Underquoting? Auction results soar above quoted price guides

PHOTO: Samantha Paterson is looking to buy a house and is frustrated by the huge discrepancy between price guides and the actual sold price. CREDIT:DARRIAN TRAYNOR

Melbourne buyers and their advocates are calling for a crackdown on underquoting as properties continue to sell for hundreds of thousands of dollars beyond the top range of price estimates.

Consumer Affairs Victoria has been inundated with complaints about underquoting, recording 383 inquiries between February and the end of April, a 129 per cent increase on the same period last year and up 34 per cent from 2019.

One Caulfield North property recently sold for $1.56 million, despite having a price tag of $1 million to $1.1 million. In Melbourne’s west, a Kingsville house sold for $1.4 million but was advertised with a price range of $1 million to $1.1million.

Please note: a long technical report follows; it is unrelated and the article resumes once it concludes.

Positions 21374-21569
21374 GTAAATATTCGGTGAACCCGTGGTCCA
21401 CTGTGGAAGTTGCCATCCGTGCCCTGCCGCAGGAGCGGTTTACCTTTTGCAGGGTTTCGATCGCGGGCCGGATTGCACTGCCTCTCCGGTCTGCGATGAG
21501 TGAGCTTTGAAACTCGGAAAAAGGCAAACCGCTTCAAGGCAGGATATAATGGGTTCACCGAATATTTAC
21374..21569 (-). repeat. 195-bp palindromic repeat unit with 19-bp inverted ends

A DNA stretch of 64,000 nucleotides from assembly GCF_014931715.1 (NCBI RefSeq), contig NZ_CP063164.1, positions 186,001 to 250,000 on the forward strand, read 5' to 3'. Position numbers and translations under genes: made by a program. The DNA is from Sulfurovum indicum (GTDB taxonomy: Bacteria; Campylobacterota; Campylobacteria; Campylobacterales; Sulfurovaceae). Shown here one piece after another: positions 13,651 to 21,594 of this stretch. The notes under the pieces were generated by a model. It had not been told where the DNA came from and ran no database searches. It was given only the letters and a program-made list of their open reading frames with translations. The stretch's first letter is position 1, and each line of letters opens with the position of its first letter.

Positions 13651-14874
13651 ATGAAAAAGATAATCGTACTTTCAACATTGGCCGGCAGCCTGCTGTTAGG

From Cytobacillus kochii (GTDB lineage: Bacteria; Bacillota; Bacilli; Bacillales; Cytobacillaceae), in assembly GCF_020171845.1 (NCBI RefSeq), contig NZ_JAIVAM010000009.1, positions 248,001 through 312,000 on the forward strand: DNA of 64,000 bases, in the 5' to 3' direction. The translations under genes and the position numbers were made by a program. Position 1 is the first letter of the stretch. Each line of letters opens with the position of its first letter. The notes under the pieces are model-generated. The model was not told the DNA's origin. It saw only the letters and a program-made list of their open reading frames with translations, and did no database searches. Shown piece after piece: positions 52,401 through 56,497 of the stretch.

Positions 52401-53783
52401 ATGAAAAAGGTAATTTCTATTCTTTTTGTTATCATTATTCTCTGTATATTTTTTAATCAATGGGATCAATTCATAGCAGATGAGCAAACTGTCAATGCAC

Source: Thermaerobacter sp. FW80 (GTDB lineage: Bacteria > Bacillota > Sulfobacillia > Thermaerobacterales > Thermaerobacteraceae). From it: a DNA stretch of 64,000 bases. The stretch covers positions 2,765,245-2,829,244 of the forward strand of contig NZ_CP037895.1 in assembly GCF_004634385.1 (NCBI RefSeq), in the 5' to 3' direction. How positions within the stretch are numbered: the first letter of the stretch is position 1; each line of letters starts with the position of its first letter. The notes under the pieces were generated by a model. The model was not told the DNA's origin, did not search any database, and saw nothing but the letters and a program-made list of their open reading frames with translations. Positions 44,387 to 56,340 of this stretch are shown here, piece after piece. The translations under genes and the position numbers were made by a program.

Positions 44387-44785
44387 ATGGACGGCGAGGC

Morrell & Koren buyer’s advocate David Morrell estimates about 75 per cent of properties on the market are underquoted and called on authorities to act.

He said agents deliberately set low price ranges to drum up interest and grow their databases of potential buyers. They then use the impressive sales figures to attract future vendors, he explained.

“Their philosophy is ‘quote it low, watch it go’,” he said.

“If you are a competent real estate agent you should be able to value a property within 10 per cent of its sold price but to be out by 40 per cent is absurd.”


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